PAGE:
Pros and Cons of Grammarly.com – Proofreading Software
Grammarly is a writing enhancement software thatâs been on the market for five years atÂ the writing of this piece. Launched in 2009 by Max Lytvyn and Alex Shevchenko, (twoÂ Ukrainians whose friendship originally formed in Kiev while they were college students), theÂ software provides a valuable tool for writers of many different genres. From blog writers,Â to students, to journalists and many others, the ability to edit content and createÂ âgrammatically correctâ text without much of the hassle associated with proofreading canÂ be found through the use of Grammarly. Grammarly currently uses 250 grammar rules toÂ check documents and ensure text incorporates the English standard for writing based on aÂ pre selected writing genre. As with most apps there are some positives and negatives.Â Listed below are several reasons why the software is a little mix of both good and bad.
USAGE: Grammarly provides a clear explanation for every error found in anyÂ document and provides suggestions on ways to correct mistakes.
Text can be analyzed contextually when entered into the software providing resultsÂ based on the genre of a particular writing including casual, academic, business,Â technical and more.
Grammarly has a built in dictionary and thesaurus which scans the document andÂ highlights all words that can be replaced with a synonymous word to make theÂ writers text stronger.
The site offers suggestions for citing your work and alerts you to the possibility ofÂ plagiarism within your document or writing.
ACCESSIBILITY: Toolbars can be added to your web browser to check for mistakes asÂ you create documents if you use a PC as your main writing apparatus.
Website visitors can try out the site using a 7 day free trial before purchasing aÂ membership to the site.Â Grammarly is compatible with Microsoft Word and Outlook and the software worksÂ without an internet connection within these plug-ins.
USAGE: As with many proofreading softwares, there are some text errors that goÂ unnoticed so users will have to continue to proofread their text after Grammarly hasÂ completed an analysis.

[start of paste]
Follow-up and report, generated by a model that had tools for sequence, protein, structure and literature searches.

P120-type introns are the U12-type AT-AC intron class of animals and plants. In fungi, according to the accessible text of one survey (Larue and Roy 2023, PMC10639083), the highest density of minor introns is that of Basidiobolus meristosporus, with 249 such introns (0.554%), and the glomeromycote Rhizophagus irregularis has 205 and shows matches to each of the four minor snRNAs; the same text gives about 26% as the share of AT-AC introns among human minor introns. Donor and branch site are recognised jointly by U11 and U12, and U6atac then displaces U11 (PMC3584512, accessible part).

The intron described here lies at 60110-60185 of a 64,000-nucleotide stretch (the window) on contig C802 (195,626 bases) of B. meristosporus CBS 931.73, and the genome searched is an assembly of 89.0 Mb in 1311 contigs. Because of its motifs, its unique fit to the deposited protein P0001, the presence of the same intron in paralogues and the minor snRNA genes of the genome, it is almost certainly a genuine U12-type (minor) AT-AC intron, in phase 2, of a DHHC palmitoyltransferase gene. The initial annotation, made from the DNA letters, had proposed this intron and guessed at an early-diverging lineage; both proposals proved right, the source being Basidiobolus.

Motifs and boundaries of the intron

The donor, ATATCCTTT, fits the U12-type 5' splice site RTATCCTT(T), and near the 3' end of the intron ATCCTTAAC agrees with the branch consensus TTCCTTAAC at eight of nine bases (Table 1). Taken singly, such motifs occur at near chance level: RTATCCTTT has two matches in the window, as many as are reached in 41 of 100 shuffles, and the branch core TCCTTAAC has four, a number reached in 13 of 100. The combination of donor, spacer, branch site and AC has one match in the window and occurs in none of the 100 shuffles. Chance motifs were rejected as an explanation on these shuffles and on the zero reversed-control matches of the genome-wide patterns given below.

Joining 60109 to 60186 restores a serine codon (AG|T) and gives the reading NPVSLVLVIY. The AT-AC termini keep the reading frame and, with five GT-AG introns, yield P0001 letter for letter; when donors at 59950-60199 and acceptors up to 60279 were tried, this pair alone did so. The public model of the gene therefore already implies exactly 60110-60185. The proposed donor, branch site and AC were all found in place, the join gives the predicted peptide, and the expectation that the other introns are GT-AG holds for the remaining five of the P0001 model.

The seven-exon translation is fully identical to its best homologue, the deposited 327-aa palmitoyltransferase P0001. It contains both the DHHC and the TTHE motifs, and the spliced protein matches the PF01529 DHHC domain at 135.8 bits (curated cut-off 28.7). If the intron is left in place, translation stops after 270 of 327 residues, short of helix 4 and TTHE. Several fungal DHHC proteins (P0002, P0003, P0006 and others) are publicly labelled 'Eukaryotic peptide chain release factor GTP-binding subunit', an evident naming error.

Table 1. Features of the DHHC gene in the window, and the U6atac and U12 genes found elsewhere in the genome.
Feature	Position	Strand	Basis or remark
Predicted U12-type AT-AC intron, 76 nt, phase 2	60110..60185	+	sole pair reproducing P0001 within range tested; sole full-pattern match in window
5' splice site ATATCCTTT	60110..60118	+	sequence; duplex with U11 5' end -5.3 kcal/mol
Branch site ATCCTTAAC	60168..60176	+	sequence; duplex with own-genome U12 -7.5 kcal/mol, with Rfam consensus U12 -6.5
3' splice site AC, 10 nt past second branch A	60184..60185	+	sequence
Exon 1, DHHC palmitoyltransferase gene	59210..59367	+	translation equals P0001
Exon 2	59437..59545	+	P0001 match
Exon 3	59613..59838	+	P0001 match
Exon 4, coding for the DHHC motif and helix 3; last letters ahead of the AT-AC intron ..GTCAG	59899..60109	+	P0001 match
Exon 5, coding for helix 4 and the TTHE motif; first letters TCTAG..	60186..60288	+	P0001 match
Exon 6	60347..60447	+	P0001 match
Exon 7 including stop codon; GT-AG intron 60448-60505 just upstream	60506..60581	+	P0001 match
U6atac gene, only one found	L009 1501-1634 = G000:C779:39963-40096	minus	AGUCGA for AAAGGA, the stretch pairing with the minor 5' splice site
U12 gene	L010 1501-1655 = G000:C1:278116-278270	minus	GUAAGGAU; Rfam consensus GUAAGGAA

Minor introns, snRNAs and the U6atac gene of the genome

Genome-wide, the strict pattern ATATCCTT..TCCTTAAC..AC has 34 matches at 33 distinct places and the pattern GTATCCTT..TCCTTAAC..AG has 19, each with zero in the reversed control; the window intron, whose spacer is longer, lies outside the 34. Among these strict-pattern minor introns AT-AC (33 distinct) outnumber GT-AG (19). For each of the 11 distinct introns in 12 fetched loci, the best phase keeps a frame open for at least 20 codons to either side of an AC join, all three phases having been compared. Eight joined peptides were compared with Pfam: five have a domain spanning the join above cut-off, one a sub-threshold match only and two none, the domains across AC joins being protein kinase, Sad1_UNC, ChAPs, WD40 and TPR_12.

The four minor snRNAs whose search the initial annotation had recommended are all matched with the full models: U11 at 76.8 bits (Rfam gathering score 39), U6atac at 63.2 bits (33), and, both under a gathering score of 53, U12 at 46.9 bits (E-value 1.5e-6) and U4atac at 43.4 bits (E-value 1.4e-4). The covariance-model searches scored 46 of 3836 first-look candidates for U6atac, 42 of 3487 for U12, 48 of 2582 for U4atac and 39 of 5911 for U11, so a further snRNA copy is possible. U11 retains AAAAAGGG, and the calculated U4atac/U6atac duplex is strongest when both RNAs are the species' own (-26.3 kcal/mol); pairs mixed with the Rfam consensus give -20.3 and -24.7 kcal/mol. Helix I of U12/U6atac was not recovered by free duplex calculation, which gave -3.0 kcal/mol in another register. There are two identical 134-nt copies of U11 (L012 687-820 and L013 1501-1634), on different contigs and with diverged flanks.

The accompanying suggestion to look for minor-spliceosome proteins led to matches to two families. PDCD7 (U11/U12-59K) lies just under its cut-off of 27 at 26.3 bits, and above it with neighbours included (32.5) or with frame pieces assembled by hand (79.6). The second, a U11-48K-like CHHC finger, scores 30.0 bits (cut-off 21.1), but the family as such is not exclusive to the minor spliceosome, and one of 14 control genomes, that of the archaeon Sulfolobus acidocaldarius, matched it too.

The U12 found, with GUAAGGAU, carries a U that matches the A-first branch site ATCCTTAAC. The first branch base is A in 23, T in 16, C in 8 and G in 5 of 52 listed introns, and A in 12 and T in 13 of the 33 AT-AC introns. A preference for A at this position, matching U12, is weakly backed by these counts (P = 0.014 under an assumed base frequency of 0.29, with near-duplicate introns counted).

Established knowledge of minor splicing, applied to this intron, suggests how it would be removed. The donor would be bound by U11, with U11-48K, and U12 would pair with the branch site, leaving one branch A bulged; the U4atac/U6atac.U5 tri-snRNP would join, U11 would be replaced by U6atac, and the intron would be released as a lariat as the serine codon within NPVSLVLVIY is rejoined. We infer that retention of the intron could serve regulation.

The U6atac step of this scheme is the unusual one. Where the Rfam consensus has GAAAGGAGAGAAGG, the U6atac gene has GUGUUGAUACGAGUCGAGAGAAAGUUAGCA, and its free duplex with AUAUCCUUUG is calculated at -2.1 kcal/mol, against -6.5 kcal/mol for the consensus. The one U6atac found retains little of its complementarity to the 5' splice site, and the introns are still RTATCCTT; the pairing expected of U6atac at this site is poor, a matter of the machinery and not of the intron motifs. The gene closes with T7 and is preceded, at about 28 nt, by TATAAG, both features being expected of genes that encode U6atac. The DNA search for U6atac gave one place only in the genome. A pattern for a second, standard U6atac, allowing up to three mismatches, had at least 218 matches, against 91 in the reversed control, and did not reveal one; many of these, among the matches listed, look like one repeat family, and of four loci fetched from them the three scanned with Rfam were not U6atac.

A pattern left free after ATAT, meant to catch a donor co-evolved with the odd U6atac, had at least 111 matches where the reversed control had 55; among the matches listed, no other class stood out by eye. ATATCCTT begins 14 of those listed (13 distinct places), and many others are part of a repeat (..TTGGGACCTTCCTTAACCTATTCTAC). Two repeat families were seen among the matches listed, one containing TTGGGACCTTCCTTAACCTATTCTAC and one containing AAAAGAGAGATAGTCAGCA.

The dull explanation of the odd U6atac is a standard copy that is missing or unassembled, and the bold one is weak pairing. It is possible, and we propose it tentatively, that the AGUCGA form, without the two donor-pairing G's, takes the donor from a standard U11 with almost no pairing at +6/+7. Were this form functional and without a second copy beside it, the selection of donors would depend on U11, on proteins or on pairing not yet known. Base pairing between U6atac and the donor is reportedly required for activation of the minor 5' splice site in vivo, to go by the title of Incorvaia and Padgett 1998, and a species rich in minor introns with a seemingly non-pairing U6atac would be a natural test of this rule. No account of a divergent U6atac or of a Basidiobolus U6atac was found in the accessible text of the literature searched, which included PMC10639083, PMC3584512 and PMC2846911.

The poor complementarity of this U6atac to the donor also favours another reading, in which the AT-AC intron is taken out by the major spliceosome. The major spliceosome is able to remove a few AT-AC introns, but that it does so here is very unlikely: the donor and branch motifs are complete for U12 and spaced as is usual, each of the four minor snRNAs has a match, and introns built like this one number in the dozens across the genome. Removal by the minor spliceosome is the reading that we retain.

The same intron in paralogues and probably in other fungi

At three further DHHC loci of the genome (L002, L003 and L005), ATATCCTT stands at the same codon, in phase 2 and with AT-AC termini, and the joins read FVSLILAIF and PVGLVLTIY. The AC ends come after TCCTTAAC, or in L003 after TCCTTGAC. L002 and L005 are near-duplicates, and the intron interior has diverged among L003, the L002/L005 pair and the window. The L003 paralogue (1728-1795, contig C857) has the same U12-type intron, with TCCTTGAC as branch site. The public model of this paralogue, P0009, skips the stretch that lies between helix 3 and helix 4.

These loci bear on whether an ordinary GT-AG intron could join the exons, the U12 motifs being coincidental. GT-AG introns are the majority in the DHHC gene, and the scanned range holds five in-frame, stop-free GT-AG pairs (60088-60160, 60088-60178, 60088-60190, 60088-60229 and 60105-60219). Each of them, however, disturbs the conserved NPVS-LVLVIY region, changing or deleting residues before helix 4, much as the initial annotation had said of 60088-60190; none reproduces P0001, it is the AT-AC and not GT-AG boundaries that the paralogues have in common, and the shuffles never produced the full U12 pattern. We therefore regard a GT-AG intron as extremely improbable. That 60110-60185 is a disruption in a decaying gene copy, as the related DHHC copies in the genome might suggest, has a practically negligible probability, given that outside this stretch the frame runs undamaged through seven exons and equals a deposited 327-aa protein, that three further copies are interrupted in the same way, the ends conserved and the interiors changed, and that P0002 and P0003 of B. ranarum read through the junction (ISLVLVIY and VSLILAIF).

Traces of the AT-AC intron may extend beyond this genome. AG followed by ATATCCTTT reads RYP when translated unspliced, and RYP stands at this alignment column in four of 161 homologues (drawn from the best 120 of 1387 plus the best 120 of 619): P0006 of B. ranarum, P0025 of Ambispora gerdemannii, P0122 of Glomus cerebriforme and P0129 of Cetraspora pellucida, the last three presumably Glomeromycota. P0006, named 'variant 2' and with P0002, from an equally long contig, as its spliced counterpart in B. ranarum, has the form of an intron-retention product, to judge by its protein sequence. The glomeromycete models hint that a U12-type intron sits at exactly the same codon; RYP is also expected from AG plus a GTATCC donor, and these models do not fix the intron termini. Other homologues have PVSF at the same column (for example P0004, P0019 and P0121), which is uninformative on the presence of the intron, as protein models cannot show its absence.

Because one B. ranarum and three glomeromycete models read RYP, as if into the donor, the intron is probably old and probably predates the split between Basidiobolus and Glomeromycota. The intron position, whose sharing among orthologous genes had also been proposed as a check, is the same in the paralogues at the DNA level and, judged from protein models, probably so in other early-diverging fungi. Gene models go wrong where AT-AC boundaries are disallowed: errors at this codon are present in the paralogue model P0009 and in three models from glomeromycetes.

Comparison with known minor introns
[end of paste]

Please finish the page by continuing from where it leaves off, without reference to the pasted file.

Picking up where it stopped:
Writers must select the proper genre before receiving the best analysis.
Users will have to be aware of grammar rules to know when to accept suggestionsÂ made by the software.
Grammarly currently only has a limited amount of price options including; anÂ individual subscription plan, which requires users to commit to monthly, quarterly orÂ annual subscriptions; and a volume based option for schools, or businesses, whichÂ requires the purchase of an annual subscription.
ACCESSIBILITY: Grammarly is currently a PC friendly site with most of the grammarlyÂ add-ins such as Grammarly for Outlook and Grammarly for Word, being currentlyÂ unavailable for Mac users.Â Grammarly is inaccessible offline and users must have an internet connection inÂ order to make the best use of the software.
Customer service is not a strong point for the company based on user reviews of theÂ site however, the company seems to have a help and support page accessible byÂ clicking a link at the bottom of the website.
With the rise of social media and internet access writers from all professions and hobbiesÂ can benefit from having software with built in proofreading capabilities. Grammarly hasÂ both strong and weak areas and can be improved by developers. It cannot currently beÂ used as a substitute for finding all errors in writing, yet it does seem to offer writers a toolÂ for improving pieces and increasing writing skills in many areas.
You will never know if that’s work for you better without trying. So I suggest 7 day free trial at Grammarly.com and If you don’t like it you can always cancel it.